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Refuge: An Unnatural History of Family and Place

by Terry Tempest Williams

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9731816,436 (4.13)45
In the spring of 1983 Terry Tempest Williams learned that her mother was dying of cancer. That same season, The Great Salt Lake began to rise to record heights, threatening the Bear River Migratory Bird Refuge and the herons, owls, and snowy egrets that Williams, a poet and naturalist, had come to gauge her life by. One event was nature at its most random, the other a by-product of rogue technology: Terry's mother, and Terry herself, had been exposed to the fallout of atomic bomb tests in the 1950s. As it interweaves these narratives of dying and accommodation, Refuge transforms tragedy into a document of renewal and spiritual grace, resulting in a work that has become a classic.… (more)
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Beautiful, soulful meditation on death, natute and the natural cycles of life. It's not as tight or elegant as TTW's later books as she was growing into herself as a writer still but you can already see the sublime genius she became at work here. ( )
  Smokler | Jan 3, 2021 |
I'm torn about this. I do think Williams writes well, and I like her descriptions of Great Salt Lake and its history and, especially, bird life. I'm just a bit torn by the integration of the Great Salt Lake story with the story of her mother dying of cancer. It's a newish kind of memoir and I'm not altogether comfortable with it, although I think I get it. As I work my way through my thoughts I recognize that if you are a writer and you are going through a difficult time and you have a connection to something natural, you might find solace there and you might want to write about it. And that is what she did. As birds found refuge, so did she.

We are also treated to some aspects of her religion - she is a member of the LDS church. ( )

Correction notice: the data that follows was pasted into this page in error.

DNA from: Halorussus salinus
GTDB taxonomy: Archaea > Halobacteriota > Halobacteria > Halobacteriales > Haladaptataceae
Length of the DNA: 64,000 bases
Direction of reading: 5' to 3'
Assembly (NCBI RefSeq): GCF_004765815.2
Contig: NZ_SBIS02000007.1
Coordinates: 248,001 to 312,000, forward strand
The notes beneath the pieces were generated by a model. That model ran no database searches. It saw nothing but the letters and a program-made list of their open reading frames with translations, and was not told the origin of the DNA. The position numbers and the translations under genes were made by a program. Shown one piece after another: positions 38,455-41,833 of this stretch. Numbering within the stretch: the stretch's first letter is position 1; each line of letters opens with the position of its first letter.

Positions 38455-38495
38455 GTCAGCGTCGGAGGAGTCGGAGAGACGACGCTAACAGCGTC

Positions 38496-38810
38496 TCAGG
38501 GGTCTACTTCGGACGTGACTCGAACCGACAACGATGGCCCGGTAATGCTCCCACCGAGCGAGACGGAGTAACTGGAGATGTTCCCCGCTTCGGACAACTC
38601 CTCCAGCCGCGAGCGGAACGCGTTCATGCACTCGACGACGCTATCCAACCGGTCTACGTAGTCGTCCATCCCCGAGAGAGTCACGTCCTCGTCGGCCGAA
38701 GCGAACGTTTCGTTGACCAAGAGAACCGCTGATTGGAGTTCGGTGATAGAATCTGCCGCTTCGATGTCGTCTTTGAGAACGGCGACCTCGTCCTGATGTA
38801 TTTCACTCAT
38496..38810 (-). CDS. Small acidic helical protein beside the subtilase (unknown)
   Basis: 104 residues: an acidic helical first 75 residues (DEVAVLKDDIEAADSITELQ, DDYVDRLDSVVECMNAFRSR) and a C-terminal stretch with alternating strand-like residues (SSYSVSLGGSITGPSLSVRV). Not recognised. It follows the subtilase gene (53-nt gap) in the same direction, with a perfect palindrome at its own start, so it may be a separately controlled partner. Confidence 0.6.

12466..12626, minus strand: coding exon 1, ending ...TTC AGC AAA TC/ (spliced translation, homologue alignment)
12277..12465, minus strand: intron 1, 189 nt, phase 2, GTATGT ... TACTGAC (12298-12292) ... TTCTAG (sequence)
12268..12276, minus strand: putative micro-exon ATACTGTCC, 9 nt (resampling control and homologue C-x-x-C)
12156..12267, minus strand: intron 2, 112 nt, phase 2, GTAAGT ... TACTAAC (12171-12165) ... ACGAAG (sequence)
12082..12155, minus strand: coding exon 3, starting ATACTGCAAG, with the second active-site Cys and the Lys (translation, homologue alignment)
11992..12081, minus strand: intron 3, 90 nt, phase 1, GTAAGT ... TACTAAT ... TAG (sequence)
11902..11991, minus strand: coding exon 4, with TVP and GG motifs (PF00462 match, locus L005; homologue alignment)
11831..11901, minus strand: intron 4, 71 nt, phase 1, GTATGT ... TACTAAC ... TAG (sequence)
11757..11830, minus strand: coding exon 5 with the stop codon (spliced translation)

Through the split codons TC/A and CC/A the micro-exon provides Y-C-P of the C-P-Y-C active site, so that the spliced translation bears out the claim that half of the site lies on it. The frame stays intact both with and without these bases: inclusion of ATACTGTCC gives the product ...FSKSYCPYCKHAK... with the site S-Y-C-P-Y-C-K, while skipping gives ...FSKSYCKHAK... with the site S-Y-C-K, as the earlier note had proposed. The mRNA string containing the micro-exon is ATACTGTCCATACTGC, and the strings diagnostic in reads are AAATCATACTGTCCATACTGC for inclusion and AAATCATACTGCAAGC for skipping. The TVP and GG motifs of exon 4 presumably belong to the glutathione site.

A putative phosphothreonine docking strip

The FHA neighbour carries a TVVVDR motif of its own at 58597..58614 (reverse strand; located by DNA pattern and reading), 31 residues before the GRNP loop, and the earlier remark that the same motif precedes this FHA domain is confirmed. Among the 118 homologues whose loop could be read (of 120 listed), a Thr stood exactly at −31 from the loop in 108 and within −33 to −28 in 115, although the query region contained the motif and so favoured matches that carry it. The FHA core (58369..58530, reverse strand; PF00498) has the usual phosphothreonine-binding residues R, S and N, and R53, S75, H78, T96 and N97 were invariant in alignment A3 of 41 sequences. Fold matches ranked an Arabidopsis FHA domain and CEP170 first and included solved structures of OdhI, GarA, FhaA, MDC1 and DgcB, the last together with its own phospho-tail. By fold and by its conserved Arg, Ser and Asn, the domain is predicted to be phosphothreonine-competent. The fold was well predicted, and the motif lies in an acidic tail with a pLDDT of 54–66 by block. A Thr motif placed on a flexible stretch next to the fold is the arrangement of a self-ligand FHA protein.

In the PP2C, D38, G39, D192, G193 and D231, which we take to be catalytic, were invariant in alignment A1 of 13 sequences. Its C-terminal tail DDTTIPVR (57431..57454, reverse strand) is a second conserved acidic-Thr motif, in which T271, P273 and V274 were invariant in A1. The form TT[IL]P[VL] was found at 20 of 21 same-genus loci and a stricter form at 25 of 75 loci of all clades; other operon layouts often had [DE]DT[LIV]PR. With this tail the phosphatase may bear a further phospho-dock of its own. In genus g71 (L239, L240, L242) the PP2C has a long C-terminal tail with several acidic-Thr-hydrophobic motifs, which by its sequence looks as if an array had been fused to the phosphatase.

slojudy | Sep 8, 2020 |
Evan returned to Swathmore today ( )
  rondorn | Apr 13, 2020 |
We just moved to Utah from New York, which is quite a culture shock. This was a great book to help us understand our new home. Rich descriptions of the Lake and the birds that pass through, plus many reflections on Mormon history and culture. My father recently passed away after a long decline, and my mother has had a few serious medical episodes. The cancer illnesses in this book aren't the same as what has happened in our family, but the descriptions ring quite true.
1 vote kukulaj | May 10, 2018 |
This book has two themes, decades long observations of relatives getting and dying of cancer, and decades long observation of the changes in the bird, animal, and plant life at Great Salk Lake Utah. In the first half of the book the emphasis is on the biota of the lake shores and Islands. In the second half it incrementaly shifts to an emphasis on the cancers killing relatives and those living in that region. In the latter part, the author deals with how we care for dying cancer victims, then on the cause of so much local cancer. She also shows how the changes in the biota of the lake and its shores is equal parts natural changes and human manipulation of the lake. At the end of the book the human manipulation of the lake merges with the increased cancer in the people there as well as the biota changes at the lake.
This is an in-depth treatment of the inter-relationships between the natural world and human influence.
The reader is left with a feeling of responsibility to look at the overall affect of any human changes in the landscape, city planning, flood control, hazardous waste site locations, containment of hazardous sobstances, and generally best use planning for areas. These decisions have lasting impact on those living in the area. ( )
  billsearth | Aug 16, 2016 |
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For Diane Dixon Tempest who understood nature as refuge
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In the spring of 1983 Terry Tempest Williams learned that her mother was dying of cancer. That same season, The Great Salt Lake began to rise to record heights, threatening the Bear River Migratory Bird Refuge and the herons, owls, and snowy egrets that Williams, a poet and naturalist, had come to gauge her life by. One event was nature at its most random, the other a by-product of rogue technology: Terry's mother, and Terry herself, had been exposed to the fallout of atomic bomb tests in the 1950s. As it interweaves these narratives of dying and accommodation, Refuge transforms tragedy into a document of renewal and spiritual grace, resulting in a work that has become a classic.

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